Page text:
Mali — Festivals and Events
Nowhere are Mali’s many distinct cultures more proudly displayed than during the country’s numerous festivals. A large percentage of events take place in February, including Segou’s Festival on the Niger and Timbuktu’s Desert Festival, two of the country’s biggest celebrations. During one of Mali’s most unique events, all the residents of Djenné descends upon the Great Mosque to help apply fresh mud to the community’s most famous landmark.
This three-day January festival takes place around the normally quiet region of Gouina between Kayes and Bafoulabé. Goumbé and jazz musicians perform among the monkeys and hippos that live in the region teeming with wildlife. The event also features five different Kayes dance groups, craft workshops and Senegal River walks past the waterfalls.
Festival on the Niger
This Segou February festival is filled with music, dance, puppet shows, workshops, craft vendors, and pirogue boat races along the Niger River. No fewer than 15 of the Segou's unique puppetry and dance styles are represented, which also attracts many of Mali’s famous musicians. Wood carvings, paintings, sculptures, and photographs from the country’s most talented artists are displayed in galleries around the region. Actors, musicians and puppeteers accompany centuries-old legends that Segovian storytellers share beneath the balanzan trees.
This lively February music event's location may have moved from Essakane to Timbuktu, but the likes of Robert Plant and Justin Adams still perform alongside some of Mali’s most talented Tuareg musicians. The Desert Festival evolved from a traditional Tuareg gathering filled with lively discussions and fun to an international event of peace. To this day, festival attendees celebrate the 1996 Flame of Peace ceremony when over 3,000 firearms were burned in Timbuktu. Unlike many other music festivals, the stage is surrounded by nothing but desert and the audience remains still and quiet. The more lively parties begin at nearby discos during the wee hours of the night.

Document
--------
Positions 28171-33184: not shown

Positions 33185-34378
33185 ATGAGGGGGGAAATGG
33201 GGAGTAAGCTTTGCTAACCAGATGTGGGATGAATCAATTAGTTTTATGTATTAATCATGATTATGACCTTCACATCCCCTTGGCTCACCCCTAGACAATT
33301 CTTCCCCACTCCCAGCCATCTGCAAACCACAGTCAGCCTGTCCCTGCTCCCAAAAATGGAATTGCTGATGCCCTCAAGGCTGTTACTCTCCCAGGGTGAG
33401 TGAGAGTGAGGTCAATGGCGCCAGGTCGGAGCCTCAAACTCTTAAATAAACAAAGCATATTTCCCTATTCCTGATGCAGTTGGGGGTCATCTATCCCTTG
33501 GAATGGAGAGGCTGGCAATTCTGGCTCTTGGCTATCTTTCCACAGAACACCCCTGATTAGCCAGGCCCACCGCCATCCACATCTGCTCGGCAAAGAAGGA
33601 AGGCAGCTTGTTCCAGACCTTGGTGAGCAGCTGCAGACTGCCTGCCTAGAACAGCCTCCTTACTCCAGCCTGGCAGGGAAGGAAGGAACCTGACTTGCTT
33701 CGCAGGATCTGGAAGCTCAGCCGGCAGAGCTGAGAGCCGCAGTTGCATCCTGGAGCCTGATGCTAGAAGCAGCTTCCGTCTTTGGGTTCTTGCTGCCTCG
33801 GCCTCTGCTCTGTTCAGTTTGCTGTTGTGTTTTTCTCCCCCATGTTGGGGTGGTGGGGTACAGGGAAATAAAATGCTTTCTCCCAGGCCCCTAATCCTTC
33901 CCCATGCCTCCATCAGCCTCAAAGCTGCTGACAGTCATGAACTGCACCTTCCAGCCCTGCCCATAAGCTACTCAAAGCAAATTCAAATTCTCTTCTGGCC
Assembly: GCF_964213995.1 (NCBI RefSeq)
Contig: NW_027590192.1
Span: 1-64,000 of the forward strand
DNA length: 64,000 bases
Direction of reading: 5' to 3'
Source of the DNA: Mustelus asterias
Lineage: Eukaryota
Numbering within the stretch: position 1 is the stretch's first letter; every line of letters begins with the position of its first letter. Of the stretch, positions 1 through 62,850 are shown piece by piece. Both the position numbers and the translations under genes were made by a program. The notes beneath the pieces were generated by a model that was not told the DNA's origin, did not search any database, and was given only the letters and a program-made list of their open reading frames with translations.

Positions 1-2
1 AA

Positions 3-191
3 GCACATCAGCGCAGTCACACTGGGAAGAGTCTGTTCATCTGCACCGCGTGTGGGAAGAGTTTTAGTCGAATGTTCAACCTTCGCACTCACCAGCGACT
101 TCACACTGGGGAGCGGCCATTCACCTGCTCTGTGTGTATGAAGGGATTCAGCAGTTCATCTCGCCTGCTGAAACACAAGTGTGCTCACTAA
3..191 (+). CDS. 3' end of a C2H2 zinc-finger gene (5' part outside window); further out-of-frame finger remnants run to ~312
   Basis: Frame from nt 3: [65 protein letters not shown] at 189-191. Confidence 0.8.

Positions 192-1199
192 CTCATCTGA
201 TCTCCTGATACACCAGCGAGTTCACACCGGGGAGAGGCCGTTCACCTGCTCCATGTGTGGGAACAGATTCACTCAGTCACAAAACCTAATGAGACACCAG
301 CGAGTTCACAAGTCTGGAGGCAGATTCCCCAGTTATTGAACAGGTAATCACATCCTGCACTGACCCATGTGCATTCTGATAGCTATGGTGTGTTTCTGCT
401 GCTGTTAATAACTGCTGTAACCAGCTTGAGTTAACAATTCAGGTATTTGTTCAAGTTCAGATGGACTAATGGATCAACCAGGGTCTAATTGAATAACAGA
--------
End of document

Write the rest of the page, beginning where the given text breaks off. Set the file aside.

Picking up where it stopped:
The Diamwari Festival has been one of Mopti’s main events ever since it was held for the first time along the Bani River’s banks. A weekend of "happiness," as the word translates in English, takes place for three days toward the end of February. The festival features gigantic puppets from Djenné, Dogon masks and at least four different dance troupes. Visitors can purchase unique crafts from Mali’s talented artisans. The winners of the festival’s pirogue race receives money and victory flags called jonjon.
The word ba means "big" in English, and this festival held in the village of Sôh every March certainly lives up to its name. Organic cotton, Sôh’s largest export is front and center with many of Mali’s most important dignitaries getting guided tours of the village’s organic cotton looms while costumed theater performances entertain the children. The festival’s highlight, however, may be the women’s colorful drum circle dances.
Dogon Mask Festival
This April festival is among Mali’s most famous gatherings. The masks the men wear during these five days represent Amma, the Dogon goddess of creation, and are believed to contain the souls of the dead and drive away evil spirits. Toward the end of the event, buffalo and hyena masks are believed to predict the tribe’s future.
Plastering the Great Mosque
Each year, an imam announces the date between late April and early May when the entire population of Djenné gathers to apply fresh mud to the city’s historic Great Mosque. The mud is prepared in pits with young boys helping to stir it by playing in it. Women and girls bring water to the men as they carry and carefully apply the mud to the mosque. Afterwards, all of Djenné celebrates with a gigantic feast filled with dancing and drumming.
International Rails Festival
Mali may presently have no passenger rail service, but this three-day festival still takes place each June in Kayes, the "City of Rails." Train conferences and debates are held alongside dance performances, concerts, cycling races, and wrestling matches throughout Mali and neighboring Senegal.